DWORD major, minor, build;
GetOSVersion(&major, &minor, &build);

The DWORD's above are valid, and all that is done is pass the address of these variables to the function.

The other mistake that is related to this (not a bug, as it will give the desired results, but still a "mistake") is to declare a pointer, have it point to somewhere valid, and then pass it to the function. In other words:

PDWORD major, minor, build;
major = new DWORD;
minor = new DWORD;
build = new DWORD;
GetOSVersion(major, minor, build);
delete major;
delete minor;
delete build;

I have seen code written in this manner. This indicates that the programmer does not have a clear understanding of what it means when a function requires a pointer as an argument. The programmer believes that a pointer must be declared, have it point somewhere valid, and then pass this pointer. Yes, you get the results without crashing, but it is a waste of time to call the allocator.

So the easiest way is the first example above. Just declare non-pointer types, and just pass the address.

share|improve this answer
    
+1 If any here, I think this answer explains best, what the probable misconception of the OP is! –  πάντα ῥεῖ Jun 29 '14 at 1:24
    
The key is to study the function's documentation. –  Lightness Races in Orbit Jul 21 '14 at 22:31

You probably meant to have your variable declarations and to call your function like this

DWORD major;
DWORD minor;
DWORD build;
GetOSVersion(&major, &minor, &build);

You use pointers to reference the output parameters, thus these need to point them to valid memory addresses. You can refer to those variables to get a valid pointer using the 'address-of' (&) operator as shown above.


With c++ you can use by reference parameters, which will make things a bit clearer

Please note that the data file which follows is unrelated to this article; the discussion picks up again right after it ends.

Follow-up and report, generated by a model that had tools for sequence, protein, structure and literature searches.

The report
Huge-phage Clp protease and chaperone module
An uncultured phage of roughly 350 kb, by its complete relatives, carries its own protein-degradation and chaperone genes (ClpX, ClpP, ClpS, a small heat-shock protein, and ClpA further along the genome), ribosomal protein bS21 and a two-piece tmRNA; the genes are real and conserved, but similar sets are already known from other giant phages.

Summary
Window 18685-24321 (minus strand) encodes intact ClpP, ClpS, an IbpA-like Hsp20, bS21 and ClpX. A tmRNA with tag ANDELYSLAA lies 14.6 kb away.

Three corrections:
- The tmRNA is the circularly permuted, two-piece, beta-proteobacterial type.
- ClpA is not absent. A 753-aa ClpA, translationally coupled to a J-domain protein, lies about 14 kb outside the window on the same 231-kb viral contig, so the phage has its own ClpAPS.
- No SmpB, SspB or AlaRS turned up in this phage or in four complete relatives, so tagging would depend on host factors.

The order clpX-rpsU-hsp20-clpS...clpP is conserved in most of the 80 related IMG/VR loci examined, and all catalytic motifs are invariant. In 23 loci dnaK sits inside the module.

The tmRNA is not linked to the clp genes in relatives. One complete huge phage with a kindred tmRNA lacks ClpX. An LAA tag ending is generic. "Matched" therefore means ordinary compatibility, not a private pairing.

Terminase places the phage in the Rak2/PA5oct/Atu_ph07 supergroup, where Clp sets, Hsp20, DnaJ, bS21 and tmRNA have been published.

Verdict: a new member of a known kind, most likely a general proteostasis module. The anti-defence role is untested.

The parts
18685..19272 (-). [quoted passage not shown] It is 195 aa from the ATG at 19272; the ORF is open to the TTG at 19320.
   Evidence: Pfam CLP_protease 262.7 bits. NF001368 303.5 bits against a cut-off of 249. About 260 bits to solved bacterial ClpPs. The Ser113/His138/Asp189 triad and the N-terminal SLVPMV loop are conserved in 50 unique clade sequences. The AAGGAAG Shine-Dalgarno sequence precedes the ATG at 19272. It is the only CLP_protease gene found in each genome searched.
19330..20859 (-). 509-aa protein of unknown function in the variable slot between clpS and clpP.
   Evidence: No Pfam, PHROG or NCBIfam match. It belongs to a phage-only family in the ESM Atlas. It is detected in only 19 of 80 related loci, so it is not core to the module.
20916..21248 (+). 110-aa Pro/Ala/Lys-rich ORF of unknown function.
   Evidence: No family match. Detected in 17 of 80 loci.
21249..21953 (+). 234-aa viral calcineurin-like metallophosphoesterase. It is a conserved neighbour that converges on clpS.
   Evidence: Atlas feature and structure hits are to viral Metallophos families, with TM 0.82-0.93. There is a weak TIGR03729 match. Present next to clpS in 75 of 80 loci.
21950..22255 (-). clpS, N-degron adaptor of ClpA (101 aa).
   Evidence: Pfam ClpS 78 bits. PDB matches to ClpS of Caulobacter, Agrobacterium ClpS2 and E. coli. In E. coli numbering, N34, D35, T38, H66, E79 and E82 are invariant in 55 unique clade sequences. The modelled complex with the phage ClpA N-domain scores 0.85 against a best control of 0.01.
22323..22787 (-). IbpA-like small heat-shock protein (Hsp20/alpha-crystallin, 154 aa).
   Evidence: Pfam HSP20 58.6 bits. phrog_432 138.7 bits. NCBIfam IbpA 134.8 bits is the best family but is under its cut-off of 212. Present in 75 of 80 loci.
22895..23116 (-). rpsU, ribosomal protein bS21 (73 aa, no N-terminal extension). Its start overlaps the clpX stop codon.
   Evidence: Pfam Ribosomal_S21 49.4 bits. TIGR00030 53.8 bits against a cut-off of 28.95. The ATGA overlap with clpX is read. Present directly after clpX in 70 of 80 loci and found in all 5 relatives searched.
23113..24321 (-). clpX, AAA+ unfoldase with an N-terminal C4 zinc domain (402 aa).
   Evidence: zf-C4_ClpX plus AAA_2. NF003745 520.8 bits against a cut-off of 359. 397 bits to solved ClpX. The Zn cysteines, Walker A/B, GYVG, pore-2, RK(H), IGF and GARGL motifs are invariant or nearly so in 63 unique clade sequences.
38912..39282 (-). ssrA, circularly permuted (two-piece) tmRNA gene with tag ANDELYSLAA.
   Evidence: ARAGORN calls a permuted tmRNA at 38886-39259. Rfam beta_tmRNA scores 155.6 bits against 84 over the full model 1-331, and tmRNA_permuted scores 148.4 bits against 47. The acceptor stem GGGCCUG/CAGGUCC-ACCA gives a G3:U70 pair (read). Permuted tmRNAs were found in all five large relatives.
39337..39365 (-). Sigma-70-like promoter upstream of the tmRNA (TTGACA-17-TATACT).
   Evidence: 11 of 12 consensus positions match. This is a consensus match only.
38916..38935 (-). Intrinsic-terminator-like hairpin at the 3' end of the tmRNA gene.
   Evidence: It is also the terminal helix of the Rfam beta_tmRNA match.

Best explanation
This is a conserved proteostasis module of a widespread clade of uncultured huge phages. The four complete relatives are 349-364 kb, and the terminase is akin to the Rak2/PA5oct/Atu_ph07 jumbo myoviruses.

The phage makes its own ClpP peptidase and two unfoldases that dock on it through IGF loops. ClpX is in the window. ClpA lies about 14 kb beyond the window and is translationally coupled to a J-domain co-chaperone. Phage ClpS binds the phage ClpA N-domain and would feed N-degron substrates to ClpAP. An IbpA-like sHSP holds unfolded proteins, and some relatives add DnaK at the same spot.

VOID GetOSVersion(DWORD& major, DWORD& minor, DWORD& build) {
    OSVERSIONINFO osver;
    ZeroMemory(&osver, sizeof(OSVERSIONINFO));
    osver.dwOSVersionInfoSize = sizeof(OSVERSIONINFO);
    GetVersionEx(&osver);
    // Note there's no check needed if the pointers are valid!
    major = osver.dwMajorVersion;
    minor = osver.dwMinorVersion;
    build = osver.dwBuildNumber;
}

DWORD major;
DWORD minor;
DWORD build;
GetOSVersion(major, minor, build);

No need to call the new() allocator (and bother with correct dynamic memory allocation management) with any of the above samples in 1st place.

share|improve this answer

Those are pointers. They are not pointing at any memory you have allocated. They do not get "filled" in the function, they get used to access (uninitialized) memory.

share|improve this answer

You are probably not getting an error but a warning (but you might have configured your complier to treat warnings as errors).

If executed, your program will segfault because you are writing to the memory pointed to by them but as they are uninitialized they contain invalid/random addresses.

Possible solution

PDWORD major = new DWORD;
PDWORD minor = new DWORD;
PDWORD build = new DWORD;

assuming PDWORD is defined to be *DWORD.

Do not forget the deletes!

edit: Actually its much more sensible to allocate these on the stack – see user2451677’s answer.

share|improve this answer
    
Thanks @wonce. I before posting i tried allocating them as new PDWORD and now I get the point. Really a complete answer, thanks a lot! –  Sesertin Jun 29 '14 at 0:51
    
-1 No, No, No that's veeeery bad advice! And certainly shouldn't be accepted! Think twice! –  πάντα ῥεῖ Jun 29 '14 at 0:56
2  
That is a bad solution. It gives the impression that pointer arguments means that you must actually declare pointers. You are needlessly calling the allocator. –  PaulMcKenzie Jun 29 '14 at 0:57

Your Answer

 
discard

By posting your answer, you agree to the privacy policy and terms of service.

Not the answer you're looking for? Browse other questions tagged or ask your own question.